I suppose it comes down to one question: is “monetize” a bad word when it comes to music?
These days, you can pretty much rest assured that any good thing, in this case a thing that serves both the people who make music and those who want to buy the music they make, is just not enough.
When I was a kid in the 1960s, travel, even car travel, meant entering new worlds. This was before the preponderance of nationwide and global chain stores and restaurants so if you wanted to eat while on the road you went somewhere new (gasp!) and if you needed a screw, you went to the local hardware store. Now, you can plunk down anywhere that has an airport and shop at the same stores you have at home and eat the same (shitty) food you can find right down the road. Progress acting like a giant genericizing funnel with a few fat cats sitting on the skinny end sucking things dry. Mom and Pop can always work at Home Depot so they can afford medication and enjoy the occasional meal at Olive Garden in their ‘retirement’.
So it should come as no surprise that Bandcamp, after their sale to Epic the gaming company in March of last year, has been sold again. But first, here’s Epic from last year’s press release announcing that deal:
Fair and open platforms are critical to the future of the creator economy. Epic and Bandcamp share a mission of building the most artist friendly platform that enables creators to keep the majority of their hard-earned money. Bandcamp will play an important role in Epic’s vision to build out a creator marketplace ecosystem for content, technology, games, art, music and more.
Epic’s vision was rather short sighted as they recently sold Bandcamp to Songtradr, a company aptly named seeing as they sell songs like any other commodity to businesses selling any thing that needs a jingle to grease the wheels of commerce. They monetize songs, as if songs are in need of monetization.
Walk through any Home Depot or Shop-Rite and your shopping experience is enhanced by now-neutered once revolutionary music. There’s nothing sweeter than trying to find the non-nonfat plain Greek yogurt among hundreds of plastic containers while listening to “My Generation”.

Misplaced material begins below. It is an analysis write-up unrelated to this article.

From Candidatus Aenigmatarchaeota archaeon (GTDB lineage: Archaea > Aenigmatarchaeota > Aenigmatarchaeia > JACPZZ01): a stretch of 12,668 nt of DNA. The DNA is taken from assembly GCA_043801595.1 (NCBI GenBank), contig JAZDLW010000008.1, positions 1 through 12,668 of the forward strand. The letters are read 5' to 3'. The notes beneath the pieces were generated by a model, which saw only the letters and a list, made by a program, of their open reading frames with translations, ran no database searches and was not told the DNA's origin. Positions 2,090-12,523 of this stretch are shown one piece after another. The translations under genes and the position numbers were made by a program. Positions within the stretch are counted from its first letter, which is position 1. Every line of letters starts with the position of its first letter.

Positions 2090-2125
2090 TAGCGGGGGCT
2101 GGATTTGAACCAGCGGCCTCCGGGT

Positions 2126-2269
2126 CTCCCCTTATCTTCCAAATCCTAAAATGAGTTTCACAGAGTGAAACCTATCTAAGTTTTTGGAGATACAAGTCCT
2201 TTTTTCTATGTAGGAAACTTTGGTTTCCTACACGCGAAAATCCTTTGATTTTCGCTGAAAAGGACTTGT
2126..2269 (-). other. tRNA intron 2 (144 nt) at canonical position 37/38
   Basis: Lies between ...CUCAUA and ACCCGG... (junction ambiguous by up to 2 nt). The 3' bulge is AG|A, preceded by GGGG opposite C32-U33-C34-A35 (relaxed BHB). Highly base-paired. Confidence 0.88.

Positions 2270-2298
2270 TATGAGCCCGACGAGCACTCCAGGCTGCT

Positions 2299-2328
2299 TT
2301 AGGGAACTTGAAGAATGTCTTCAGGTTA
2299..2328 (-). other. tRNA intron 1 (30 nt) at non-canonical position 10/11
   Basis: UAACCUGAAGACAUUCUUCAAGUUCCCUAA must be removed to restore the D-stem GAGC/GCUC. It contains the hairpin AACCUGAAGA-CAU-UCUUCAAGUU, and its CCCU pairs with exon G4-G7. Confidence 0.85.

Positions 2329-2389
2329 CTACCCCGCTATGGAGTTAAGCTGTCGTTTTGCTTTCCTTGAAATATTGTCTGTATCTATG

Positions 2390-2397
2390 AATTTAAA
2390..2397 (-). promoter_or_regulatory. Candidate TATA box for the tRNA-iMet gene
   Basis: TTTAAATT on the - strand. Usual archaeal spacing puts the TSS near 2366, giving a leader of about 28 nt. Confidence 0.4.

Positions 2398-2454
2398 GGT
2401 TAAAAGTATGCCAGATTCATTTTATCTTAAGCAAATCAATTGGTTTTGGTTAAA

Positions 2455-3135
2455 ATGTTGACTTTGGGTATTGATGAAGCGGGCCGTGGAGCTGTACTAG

From the Songtradr press release:
“The acquisition of Bandcamp will help Songtradr continue to grow its suite of services for artists. I’m a passionate musician myself, and artistry and creativity have always been at the heart of Songtradr. Bandcamp will join a team of music industry veterans and artists who have deep expertise in music licensing, composition, rights management, and distribution,” said Paul Wiltshire, CEO of Songtradr.”
Bandcamp will join? Bandcamp is not a thing, it’s a community built on the work of musicians who sell their music to people interested in buying that music. Without this content and the wonderful platform that Bandcamp’s employees built and maintain to support it, Bandcamp is just empty code. And I think we all know that “grow its suite of services” means serving shareholders. Looking at Bandcamp as a giant resource for royalty free music is like looking at retirees as a giant untapped cheap labor pool. [footnote 1]
I sure hope Bandcamp remains a place to buy music, albums not songs for fuck’s sake, that sends the bulk of the revenue to the people responsible for making it. You know, musicians not CEOs. As you may have guessed, I’m not holding out much hope.
On the bright side, we may find the tunes piping through stadium-sized stores and shitty chain restaurants more…current.
1. According to a report on Wired, half of Bandcamp’s employees were not asked to make the move to Songtradr. “Based on its current financials, Bandcamp requires some adjustments to ensure a sustainable and healthy company that can serve its community of artists and fans long into the future,” says a statement provided by Songtradr chief marketing officer Lindsay Nahmiache.
Bandcamp’s union has created a petition we all can sign (I did) to urge Songtradr to keep Bandcamp’s employees who keep Bandcamp the wonderful place it is.